Politicians are elected by the people to govern and lead on their behalf. However, often, once in the corridors of power, a politician switches tempo and starts dancing a very different dance to that of their people. That is when the people look for a way to “cut-in” on the dance. Cue the activist, either self-appointed or given that position by the people, whose job becomes that of making sure the politician and the people are dancing to the same tune.
It is a dance that never ends, once a slow dance, in the 21st century it has become fast-paced and the partners are dancing closer to each other than ever before.
The slow dance
The digital revolution and the internet have changed the way people participate in civic life rapidly and profoundly. Once to be an active citizen in monitoring the direction your neighborhood, town or city, and country was taking you:
· reading a newspaper;
· voting in elections;
· if you were angered to the point of activism itself, you wrote a letter to your elected representative;
· you could sign or organize a petition;
· at the extreme end of the scale you took part in or even led protests or revolutions.
· rarely your activism could spark a war, such as the assassination in June 1914 of Archduke Franz Ferdinand, heir to the Austro-Hungarian Empire, which is credited with sparking the outbreak of World War I.
Those measures remain the same even now but in the immediacy of the connected 21st century they unfold and become bigger at a much greater pace and the smaller, more subtle methods, such as a letter, just do not seem enough.
The dance heats up
In the digital world, we accustomed ourselves to interactivity and a wealth of information at our fingertips. We are more aware than ever of how insensitive most governing bodies are to our participation in civic life and how little meaningful interaction we have come to expect from our elected representatives and other officials in power.
That led to distaste for involvement in political systems that are perceived as dysfunctional and is easily misinterpreted as apathy. Leading educators and legislators may see this as a “civics crisis” based on the fact young people take part in elections at much lower rates than their parents did. However, that misses the point – a key shift – those raised in the digital world are taking part in civic life in different ways. Ways they feel they have more impact and that impact is often outside of government.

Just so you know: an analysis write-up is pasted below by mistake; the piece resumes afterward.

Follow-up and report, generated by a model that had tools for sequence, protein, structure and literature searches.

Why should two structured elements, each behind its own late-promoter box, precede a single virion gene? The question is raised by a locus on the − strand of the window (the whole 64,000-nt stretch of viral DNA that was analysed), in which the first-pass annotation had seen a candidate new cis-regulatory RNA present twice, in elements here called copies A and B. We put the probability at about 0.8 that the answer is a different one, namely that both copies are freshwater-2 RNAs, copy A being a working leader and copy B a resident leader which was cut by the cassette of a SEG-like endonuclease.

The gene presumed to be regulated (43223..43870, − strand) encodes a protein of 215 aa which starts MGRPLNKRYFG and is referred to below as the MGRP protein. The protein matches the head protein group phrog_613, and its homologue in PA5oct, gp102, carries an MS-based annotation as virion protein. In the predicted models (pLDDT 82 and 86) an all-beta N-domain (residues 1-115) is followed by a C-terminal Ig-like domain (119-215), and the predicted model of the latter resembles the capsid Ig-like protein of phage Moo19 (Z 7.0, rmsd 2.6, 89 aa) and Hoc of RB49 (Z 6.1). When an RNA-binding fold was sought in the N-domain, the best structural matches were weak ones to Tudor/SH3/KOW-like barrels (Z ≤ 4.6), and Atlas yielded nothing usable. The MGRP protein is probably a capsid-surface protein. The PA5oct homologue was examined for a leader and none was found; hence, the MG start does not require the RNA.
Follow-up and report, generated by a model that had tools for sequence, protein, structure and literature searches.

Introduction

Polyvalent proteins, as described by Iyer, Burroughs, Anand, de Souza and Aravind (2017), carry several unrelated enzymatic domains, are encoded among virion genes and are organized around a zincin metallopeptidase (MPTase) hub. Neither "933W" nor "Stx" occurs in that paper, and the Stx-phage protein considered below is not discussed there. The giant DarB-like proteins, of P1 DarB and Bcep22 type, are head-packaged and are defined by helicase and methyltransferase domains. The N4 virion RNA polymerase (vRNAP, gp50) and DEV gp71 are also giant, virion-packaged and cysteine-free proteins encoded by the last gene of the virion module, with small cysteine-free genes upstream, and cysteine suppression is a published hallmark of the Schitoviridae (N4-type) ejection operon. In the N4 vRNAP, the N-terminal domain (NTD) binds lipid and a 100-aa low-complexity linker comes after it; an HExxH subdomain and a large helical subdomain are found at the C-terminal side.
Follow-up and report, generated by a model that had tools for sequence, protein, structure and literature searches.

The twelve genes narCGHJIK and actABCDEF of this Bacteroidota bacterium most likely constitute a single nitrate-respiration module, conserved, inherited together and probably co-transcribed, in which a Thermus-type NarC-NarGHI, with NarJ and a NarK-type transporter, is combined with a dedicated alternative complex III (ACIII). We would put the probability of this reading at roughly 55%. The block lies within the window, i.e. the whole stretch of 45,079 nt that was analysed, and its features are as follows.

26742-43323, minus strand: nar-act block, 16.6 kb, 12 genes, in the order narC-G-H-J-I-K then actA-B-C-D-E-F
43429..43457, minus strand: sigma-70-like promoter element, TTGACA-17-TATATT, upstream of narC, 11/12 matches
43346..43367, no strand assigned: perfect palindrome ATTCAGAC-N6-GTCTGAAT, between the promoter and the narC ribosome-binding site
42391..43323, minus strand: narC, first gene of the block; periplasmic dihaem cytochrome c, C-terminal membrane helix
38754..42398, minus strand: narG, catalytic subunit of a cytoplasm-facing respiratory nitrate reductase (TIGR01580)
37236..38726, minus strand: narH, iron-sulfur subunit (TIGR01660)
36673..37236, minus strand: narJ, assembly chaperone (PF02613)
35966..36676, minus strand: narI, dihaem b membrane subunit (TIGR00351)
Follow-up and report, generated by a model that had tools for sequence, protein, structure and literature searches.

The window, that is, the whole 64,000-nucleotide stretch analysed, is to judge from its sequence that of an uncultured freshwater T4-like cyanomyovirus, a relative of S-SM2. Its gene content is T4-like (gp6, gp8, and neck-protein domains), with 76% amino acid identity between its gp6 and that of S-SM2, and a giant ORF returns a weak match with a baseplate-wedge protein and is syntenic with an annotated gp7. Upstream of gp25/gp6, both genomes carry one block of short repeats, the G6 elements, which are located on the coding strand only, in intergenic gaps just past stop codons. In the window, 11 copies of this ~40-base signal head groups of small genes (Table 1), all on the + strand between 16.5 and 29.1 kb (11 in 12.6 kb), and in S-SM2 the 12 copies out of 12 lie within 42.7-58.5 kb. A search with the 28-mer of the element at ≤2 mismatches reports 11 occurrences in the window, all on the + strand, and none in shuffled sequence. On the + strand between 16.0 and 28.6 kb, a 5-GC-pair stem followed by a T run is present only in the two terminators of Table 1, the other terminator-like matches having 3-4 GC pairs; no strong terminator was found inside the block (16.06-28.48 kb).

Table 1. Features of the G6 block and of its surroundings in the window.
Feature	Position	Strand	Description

Activism has become “cyber” – political and social activism has become facilitated through the use of digital tools like email, social media such as Twitter, Facebook, and YouTube, and through podcasts crowdfunding, open-source software and more. The Internet has changed almost everything we do. It is only logical it would modify the way we engage in taking political action.
The dance steps become easier
It is hard to remember how difficult it was to organize a rally before the internet. People had to door-knock, hand out leaflets, hang posters. Now, it can be as simple as a tweet that becomes viral. Suddenly thousands of people show up. It is the same with petitions. Once, you would have to find people willing to spend hours standing on the corners of streets to collect signatures from passersby. It was a lot of work, and could prove to be ineffective.
Traditional mass media – radio, television, and even print all played a role. In their heyday, each had a profound effect on organizing and mobilizing people. However, these forms were still much more hierarchical. To be heard, you had to pay, or get past gatekeepers, or force it to happen through disruption. The internet has leveled the playing field. It is entirely democratic, for good or bad, and has radically changed the way we communicate a message, then organize and mobilize.
These days the go-to for any action is the Internet.
Understanding the dance
Not everyone in this world is an active, engaged citizen and not every online generational marketing campaign makes a difference. However, in general, activism online is having an impact; it is just that it often outside of formal political participation. This emergent form of civic engagement targets politicians in government and beyond.
It is still evolving, and it is still hard to understand it fully. The world is moving from a concept of civic participation and activism that has traditionally been ideology-based and partisan to a model that is more personal and individual.
Activism is in flux; it is changing with the people who practice it. What remains constant is the role it has and will continue to have in the dance of accountability. All we have to learn is how it works and how best to adapt to this changing dance.